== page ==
Says Gov. Scott Walker "didn’t balance the budget" so "we now have a larger state deficit 14 months into (his) term than we did when he was elected."
Kathleen Falk on Wednesday, February 29th, 2012 in an appearance at Marquette University
Kathleen Falk says Gov. Scott Walker didn’t balance the budget and presided over a larger deficit
Mike Gousha, a veteran political journalist, asked the $3.6 billion question in an interview with Democrat Kathleen Falk, who is seeking to oust Gov. Scott Walker in a likely recall election.
At a Feb. 29, 2012 appearance by Falk at Marquette University’s "On the Issues" program, he queried: Democrats criticize how Walker eliminated that big budget shortfall, but how would they have done it?
Falk didn’t answer directly but eventually recounted how as Dane County executive she used innovation, technology, modest tax increases and negotiations with labor unions to find savings.
But this is the part that caught our attention:
"He didn’t balance the budget, as we know," Falk said. "We now have a larger state deficit ...14 months into Gov. Walker’s term than we did when he was elected."
The claim is one that will likely be tossed around a lot in the coming months, as Democrats try to counter Walker’s boast that he balanced the budget despite that $3.6 billion hole.
So let’s take a look.
There are two aspects to Falk’s claim.
First, was the budget balanced when passed in the summer of 2011?
It was, based on the revenue and spending projections at the time. The state constitution requires a balanced budget, and it was measured by the Legislative Fiscal Bureau, the state’s nonpartisan fiscal scorekeeper, and other outside experts who agreed it was balanced.
Indeed, though Democrats argued fiercely about how Walker balanced the budget, no one claimed at the time it was not balanced.
At Marquette, Falk said Walker "didn’t balance the budget, as we know."
That’s clearly wrong in terms of when the budget was passed.
Falk couches her statement as if Walker’s budget never was balanced. It actually had a very small positive balance when passed.
That leads to the second aspect of the claim: Is the budget more in arrears now than when Walker took office?
Asked to back up the claim, Falk said she is referring to the $137 million budget deficit Walker had to clean up from the last six months of Democratic Gov. Jim Doyle’s final budget.
She’s comparing it to a new shortfall that has popped up only eight months into Walker’s two-year budget.
Indeed, a projected deficit of $350 million has cropped up in the two-year budget that started in July 2011, mainly because tax collection estimates are not coming in at the level the budget anticipated.
Both the $137 million and the $350 million figures are derived from a report by the fiscal bureau, which periodically measures how finances are faring during the time a budget is in place. For instance, in May 2011 the fiscal bureau reported improved tax collection estimates, infusing another $600 million into the current budget. That proved too optimistic.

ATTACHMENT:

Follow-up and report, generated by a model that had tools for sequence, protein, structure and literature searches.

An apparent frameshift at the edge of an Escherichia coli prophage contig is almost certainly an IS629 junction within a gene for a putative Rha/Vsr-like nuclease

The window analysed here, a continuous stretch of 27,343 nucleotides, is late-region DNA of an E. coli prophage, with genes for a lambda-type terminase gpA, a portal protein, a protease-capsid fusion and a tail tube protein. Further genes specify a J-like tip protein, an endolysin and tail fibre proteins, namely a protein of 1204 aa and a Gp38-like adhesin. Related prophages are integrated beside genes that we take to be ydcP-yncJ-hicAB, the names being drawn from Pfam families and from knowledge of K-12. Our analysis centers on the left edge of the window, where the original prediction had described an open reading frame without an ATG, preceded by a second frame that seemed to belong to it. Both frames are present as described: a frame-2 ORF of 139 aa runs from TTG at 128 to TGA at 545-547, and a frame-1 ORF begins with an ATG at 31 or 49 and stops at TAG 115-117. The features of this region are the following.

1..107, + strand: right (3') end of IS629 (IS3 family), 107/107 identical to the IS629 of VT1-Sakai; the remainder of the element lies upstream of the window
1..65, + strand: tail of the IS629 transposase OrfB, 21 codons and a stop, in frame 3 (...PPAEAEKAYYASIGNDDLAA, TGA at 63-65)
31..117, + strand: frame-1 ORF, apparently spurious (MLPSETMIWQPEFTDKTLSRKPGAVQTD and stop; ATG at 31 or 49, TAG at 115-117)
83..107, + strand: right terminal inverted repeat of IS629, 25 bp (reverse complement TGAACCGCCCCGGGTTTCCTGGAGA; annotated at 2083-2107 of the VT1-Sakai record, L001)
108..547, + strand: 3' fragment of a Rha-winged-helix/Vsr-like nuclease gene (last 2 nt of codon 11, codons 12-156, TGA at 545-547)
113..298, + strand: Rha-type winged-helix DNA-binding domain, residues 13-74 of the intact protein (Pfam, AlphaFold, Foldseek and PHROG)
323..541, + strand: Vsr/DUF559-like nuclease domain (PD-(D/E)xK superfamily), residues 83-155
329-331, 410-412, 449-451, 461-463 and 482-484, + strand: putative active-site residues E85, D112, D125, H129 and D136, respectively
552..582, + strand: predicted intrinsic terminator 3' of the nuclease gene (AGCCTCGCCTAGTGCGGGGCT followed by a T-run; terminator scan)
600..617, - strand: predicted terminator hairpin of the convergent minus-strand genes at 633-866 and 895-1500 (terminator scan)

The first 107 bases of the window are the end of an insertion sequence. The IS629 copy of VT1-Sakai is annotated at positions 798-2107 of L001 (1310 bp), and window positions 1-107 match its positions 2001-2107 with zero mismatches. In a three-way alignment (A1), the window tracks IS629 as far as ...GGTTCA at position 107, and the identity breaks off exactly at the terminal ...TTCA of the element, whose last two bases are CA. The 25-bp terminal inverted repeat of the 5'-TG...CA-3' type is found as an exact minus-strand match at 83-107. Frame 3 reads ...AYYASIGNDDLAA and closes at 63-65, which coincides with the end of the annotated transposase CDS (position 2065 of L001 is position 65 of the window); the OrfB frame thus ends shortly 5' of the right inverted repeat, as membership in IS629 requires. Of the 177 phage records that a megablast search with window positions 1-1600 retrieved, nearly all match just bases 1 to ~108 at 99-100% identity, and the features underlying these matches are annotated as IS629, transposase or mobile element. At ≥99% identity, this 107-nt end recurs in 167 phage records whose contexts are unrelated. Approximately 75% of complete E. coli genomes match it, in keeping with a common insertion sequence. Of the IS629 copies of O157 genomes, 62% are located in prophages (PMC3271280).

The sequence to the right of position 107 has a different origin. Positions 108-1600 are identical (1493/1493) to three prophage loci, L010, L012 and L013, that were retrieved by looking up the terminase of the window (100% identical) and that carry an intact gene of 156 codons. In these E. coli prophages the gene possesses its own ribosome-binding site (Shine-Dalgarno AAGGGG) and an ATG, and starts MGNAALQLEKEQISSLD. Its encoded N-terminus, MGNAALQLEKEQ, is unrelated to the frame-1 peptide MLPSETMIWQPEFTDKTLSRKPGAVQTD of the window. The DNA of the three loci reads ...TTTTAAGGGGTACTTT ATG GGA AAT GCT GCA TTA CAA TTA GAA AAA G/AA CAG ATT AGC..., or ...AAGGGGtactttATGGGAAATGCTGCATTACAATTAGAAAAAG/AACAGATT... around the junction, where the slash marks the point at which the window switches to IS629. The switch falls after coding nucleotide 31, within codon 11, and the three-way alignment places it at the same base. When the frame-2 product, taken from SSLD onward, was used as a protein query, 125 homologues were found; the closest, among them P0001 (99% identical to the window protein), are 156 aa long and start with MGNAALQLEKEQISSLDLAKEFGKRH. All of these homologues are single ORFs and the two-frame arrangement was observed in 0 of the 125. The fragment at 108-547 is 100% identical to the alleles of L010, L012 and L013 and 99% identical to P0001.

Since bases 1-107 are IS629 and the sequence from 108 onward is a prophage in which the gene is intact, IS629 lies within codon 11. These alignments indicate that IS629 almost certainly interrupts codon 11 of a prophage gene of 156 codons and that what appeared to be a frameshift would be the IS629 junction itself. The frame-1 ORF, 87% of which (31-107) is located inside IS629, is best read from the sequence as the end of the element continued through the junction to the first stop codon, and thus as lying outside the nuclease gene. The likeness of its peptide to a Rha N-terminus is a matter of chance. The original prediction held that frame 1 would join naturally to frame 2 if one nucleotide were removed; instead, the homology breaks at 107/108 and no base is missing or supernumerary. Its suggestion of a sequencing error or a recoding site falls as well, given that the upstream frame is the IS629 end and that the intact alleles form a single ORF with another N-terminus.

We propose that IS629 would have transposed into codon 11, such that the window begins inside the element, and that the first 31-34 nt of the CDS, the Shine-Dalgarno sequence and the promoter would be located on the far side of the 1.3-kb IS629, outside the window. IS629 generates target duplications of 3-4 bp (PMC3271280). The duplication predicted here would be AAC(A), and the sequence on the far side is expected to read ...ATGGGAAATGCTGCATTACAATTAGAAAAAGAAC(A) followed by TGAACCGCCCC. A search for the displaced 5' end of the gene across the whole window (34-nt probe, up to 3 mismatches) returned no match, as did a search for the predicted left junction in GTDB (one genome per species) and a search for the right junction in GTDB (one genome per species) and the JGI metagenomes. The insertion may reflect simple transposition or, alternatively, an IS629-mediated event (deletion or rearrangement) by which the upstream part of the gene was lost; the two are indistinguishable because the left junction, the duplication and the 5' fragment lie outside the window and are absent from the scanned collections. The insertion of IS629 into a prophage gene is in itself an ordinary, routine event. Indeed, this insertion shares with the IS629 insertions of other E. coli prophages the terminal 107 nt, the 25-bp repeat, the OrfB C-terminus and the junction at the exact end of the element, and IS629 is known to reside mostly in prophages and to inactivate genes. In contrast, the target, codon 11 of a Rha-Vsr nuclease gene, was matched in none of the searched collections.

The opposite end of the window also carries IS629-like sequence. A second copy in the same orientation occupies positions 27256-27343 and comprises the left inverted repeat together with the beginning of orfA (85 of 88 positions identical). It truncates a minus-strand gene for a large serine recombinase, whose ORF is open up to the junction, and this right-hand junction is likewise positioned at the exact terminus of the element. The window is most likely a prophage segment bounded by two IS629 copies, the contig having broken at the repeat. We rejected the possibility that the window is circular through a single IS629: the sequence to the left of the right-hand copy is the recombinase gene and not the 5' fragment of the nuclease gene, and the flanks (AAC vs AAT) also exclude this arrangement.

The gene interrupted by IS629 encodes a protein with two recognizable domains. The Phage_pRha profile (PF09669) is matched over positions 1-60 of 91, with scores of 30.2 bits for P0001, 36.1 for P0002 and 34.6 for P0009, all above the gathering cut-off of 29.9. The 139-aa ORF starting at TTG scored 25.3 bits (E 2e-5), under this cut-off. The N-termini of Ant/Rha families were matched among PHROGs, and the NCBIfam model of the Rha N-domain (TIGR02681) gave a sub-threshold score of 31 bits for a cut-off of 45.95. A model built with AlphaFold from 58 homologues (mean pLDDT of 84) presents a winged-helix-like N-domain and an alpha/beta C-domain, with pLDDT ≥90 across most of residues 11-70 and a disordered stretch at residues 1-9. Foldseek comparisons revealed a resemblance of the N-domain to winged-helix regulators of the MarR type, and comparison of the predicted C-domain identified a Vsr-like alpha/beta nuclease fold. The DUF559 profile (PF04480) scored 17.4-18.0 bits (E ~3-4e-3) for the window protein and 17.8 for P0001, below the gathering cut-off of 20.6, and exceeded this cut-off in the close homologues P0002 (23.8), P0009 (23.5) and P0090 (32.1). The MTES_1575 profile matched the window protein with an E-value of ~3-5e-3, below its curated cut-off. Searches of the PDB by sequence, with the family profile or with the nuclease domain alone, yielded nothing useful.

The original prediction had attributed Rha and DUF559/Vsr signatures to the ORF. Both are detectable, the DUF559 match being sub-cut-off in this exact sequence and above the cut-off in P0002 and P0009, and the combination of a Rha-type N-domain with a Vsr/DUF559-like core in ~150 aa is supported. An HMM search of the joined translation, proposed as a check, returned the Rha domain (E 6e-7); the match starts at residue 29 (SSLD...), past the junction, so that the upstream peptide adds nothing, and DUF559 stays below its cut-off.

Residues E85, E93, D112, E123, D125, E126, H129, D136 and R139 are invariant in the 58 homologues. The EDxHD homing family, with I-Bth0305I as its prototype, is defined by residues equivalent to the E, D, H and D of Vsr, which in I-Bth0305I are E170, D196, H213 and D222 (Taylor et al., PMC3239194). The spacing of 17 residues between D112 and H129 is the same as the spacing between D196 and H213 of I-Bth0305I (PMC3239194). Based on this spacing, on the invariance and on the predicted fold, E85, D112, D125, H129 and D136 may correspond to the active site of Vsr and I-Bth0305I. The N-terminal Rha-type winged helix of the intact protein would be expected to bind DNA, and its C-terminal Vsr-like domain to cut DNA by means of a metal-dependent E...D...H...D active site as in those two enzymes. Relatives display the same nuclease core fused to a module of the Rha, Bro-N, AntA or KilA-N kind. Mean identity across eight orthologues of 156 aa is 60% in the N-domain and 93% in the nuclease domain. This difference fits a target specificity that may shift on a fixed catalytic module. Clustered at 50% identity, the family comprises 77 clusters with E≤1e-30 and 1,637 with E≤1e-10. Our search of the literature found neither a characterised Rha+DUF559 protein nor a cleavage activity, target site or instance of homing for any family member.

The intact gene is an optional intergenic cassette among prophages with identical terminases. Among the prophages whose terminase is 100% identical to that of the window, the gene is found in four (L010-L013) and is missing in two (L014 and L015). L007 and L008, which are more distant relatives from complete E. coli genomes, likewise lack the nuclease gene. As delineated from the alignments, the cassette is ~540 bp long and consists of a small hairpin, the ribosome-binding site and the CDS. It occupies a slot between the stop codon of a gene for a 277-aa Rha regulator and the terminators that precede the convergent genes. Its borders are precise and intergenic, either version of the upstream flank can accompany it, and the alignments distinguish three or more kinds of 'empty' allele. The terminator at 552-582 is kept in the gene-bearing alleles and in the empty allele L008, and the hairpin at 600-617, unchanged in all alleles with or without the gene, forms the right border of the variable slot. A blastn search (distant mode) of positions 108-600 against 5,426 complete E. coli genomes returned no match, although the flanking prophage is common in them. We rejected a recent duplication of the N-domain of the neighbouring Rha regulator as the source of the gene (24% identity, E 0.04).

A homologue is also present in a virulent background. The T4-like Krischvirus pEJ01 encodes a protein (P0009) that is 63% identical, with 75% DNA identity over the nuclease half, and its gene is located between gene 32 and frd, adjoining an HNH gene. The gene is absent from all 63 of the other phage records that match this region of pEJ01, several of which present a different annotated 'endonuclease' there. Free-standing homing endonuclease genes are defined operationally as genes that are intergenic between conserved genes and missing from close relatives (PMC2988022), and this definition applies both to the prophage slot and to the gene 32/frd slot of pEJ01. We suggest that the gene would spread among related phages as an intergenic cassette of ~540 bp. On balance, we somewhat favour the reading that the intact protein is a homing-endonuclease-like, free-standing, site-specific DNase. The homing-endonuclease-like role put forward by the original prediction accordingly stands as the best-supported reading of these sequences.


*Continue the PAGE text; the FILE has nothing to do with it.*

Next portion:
While the current $350 million is clearly larger, both the Doyle deficit and the new Walker deficit are small -- 1 or 2 percent of the total budget.
In 2011, Walker called the Doyle deficit a "fiscal crisis" necessitating a budget-repair bill. That bill contained the controversial collective bargaining limits that helped fuel mass protests and now the recall against Walker.
Much of the new problem, in addition to lower-than-anticipated tax collections, is due to shortfalls in the Medicaid program, based on figures in the February 2012 report by the fiscal bureau.
But there is a difference:
Walker has much more time to fix the new gap than he did in dealing with Doyle’s deficit, which came toward the end of a two-year budget cycle. We’re not yet halfway into the current budget. So in making the comparison, Falk and others are mixing two different time frames.
Walker administration officials have said they may not even need formal legislation to adjust the budget, as they did in early 2011.
In recent years, mid-course budget corrections have become commonplace in Wisconsin politics, in part because the state keeps almost no rainy day fund. Economic ups and downs have also made predicting tax revenue tricky.
In those recent budgets, Wisconsin has also faced a challenge because of cost-of-living increases and past decisions to delay painful cuts and forward obligations on to the next budget. That led to the $3.6 billion shortfall Walker faced and a so-called structural deficit, something Walker’s two-year budget also eliminated, according to the fiscal bureau.
A final note: All of this is separate from the debate over a different measuring stick. Walker did not balance the budget under what is known as GAAP, generally accepted accounting principles. That’s more stringent than the cash-flow approach the state has long used.
Falk criticized Walker for a deficit that has opened up in his first budget.
She is correct in saying it’s larger than the deficit Walker had to close in his predecessor’s last budget. But her statement that Walker "didn’t balance the budget as we know" is wrong.
We rate her statement Half True.